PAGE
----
The outlaw peered carefully round the rough wooden post which formed the corner of the building and saw that it was true; they were going to hang his friend. Before him, in the market square which should have been full of market stalls and traders' barrows, there was instead a gallows. A hastily built affair (as it must have been) with a platform at shoulder height and gibbet of unhewn timber, it looked truly dreadful. On the platform, with the noose being tightened around his neck, was Will Scarlet. Even as Robin watched, the windlass was turned, the rope tightened and the man was lifted off the platform. With no time to spare, Robin took an arrow from the quiver, readied the bow and, hoping that his trusty followers were ready in position, loosed the arrow. Its flight was true! The broadhead severed the rope where it passed over the cross beam and Will dropped to the platform as the roaring crowd was stunned into silence.
I shall leave the story at that point, noting that it is just a story. (I wrote it.) Robin and Will might or might not have existed. Will might or might not have been in such a predicament at some time. What I want to consider is what "true" might or might not mean. Pontius Pilate is reported (in the Bible, and therefore with somewhat more authority than the story above) to have asked "What is truth?" and people have assumed that it was a difficult philosophical question. It was not, really.
In the story above, I have used the word true twice, and truly, once. Nothing there is philosophical. The outlaw saw that it was true. Presumably he saw that a report he had been received was accurate, or true; it matched his (character's) reality.
The flight of the arrow was true. This doesn't really mean that the arrow flew rather than just flopped to the ground. It doesn't mean that it hit the intended target. It means that it travelled along the intended flight path to get there.
The phrase "it looked truly dreadful" is a statement to the effect that anyone seeing it would agree that dreadful was an accurate description of how it looked.
Truth is not an absolute entity. It is a measure of how well something matches a reference. If the teller and the hearer are using a different reference there can be misunderstanding The arrow flies true if it follows the intend path. In just the same way, a craftsman might "true up" the edge of a board - that is straighten it to an acceptable degree for some purpose.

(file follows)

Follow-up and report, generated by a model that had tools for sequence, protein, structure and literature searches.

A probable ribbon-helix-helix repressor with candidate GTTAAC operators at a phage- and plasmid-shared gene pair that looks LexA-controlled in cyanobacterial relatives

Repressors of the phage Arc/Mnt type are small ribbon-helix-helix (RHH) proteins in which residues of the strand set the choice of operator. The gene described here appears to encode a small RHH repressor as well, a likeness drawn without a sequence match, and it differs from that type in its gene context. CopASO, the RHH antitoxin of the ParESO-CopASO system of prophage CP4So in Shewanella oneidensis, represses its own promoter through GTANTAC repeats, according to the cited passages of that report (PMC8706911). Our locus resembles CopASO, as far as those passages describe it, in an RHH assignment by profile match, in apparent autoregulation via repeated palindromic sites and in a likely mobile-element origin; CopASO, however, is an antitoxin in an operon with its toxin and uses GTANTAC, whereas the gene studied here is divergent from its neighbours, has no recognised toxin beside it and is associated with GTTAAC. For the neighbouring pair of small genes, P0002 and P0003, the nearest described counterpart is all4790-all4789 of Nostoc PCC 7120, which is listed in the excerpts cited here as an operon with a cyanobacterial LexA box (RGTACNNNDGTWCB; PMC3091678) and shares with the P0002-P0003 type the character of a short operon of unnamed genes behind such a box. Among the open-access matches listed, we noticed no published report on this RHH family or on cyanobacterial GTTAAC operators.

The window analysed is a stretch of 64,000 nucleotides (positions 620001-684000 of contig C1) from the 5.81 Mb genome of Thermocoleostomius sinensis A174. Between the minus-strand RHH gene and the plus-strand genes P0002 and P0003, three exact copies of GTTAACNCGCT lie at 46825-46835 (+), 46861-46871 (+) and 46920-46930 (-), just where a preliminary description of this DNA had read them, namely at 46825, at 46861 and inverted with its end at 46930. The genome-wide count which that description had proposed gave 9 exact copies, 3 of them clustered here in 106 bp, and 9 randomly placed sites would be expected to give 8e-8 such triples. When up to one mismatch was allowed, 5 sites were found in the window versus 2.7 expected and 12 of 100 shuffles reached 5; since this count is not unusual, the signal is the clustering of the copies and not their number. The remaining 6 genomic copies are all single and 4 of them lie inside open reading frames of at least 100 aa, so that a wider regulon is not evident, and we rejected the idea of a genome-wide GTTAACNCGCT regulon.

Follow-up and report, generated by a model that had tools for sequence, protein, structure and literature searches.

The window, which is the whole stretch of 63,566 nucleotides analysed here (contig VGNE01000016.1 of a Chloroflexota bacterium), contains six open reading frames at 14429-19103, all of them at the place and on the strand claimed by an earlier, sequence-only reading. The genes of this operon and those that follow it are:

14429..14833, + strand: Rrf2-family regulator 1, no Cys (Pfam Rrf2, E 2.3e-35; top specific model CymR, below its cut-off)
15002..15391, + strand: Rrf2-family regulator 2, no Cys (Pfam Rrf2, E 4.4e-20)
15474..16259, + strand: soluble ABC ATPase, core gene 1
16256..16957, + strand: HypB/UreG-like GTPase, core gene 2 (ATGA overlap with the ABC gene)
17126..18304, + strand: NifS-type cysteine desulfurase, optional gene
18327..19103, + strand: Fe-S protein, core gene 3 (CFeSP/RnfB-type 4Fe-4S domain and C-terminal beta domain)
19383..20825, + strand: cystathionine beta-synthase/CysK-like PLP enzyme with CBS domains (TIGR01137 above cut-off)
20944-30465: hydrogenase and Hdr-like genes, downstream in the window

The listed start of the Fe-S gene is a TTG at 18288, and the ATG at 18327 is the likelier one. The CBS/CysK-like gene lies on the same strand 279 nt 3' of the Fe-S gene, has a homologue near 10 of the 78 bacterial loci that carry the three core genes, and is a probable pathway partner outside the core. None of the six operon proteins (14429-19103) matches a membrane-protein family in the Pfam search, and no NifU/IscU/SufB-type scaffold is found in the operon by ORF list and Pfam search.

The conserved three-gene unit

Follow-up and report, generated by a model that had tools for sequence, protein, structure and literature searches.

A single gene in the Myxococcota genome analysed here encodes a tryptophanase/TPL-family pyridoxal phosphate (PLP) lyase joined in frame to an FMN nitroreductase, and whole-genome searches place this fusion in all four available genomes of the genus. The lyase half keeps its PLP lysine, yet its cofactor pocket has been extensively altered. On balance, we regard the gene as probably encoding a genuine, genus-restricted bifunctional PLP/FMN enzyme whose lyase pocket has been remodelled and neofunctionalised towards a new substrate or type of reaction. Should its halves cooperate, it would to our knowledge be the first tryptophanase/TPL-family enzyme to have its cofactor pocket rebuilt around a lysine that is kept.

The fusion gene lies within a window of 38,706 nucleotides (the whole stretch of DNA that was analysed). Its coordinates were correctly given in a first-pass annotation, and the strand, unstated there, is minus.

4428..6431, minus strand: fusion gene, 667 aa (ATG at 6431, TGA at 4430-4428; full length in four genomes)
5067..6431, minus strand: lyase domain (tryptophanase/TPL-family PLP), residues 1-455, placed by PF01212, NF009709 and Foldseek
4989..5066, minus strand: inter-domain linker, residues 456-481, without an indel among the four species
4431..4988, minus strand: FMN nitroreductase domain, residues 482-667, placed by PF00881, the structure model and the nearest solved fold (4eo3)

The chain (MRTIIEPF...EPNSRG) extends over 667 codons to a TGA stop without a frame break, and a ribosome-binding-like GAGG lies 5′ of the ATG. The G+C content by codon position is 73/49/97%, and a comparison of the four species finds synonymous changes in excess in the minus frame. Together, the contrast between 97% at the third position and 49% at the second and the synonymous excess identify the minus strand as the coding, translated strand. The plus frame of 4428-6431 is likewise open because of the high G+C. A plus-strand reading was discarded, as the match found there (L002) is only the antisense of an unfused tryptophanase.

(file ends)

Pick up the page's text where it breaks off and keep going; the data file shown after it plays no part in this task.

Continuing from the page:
In order to judge the truth of a statement, we need to understand the reference or standard that was intended. We need an understanding of what variation is allowed. In the story above, the hanging was taking place and that is difficult to misunderstand from any viewpoint. That the gallows looked truly dreadful is likely, but open to question. To some it might not have inspired dread. It is possible to imagine someone to whom it looked attractive; perhaps someone who had been kept a long time in bad conditions and would welcome any way out. In this case we need to understand that the gallows looked dreadful to the average person seeing it.
The modern use of truth as an absolute seems in keeping with logical argument allowing for only two states, and those distinctly different; yes or no, on or off, black or white. To employ this understanding in all instances is to create a false picture or understanding of a situation. Further, it leads to ever more complex rules being needed to allow the definition of anything - situations, behaviour, agreements. Litigation becomes a way of life.
Going back to Pilate and his question: he was faced with a person who claimed to be the truth. Avoiding the hard (and misleading) logic approach, we could conclude that Jesus was claiming to be a measure of what god wanted of man. His whole ministry provides the context. He was in effect saying "I have lived to God's standard, and I show you His standards by what I do."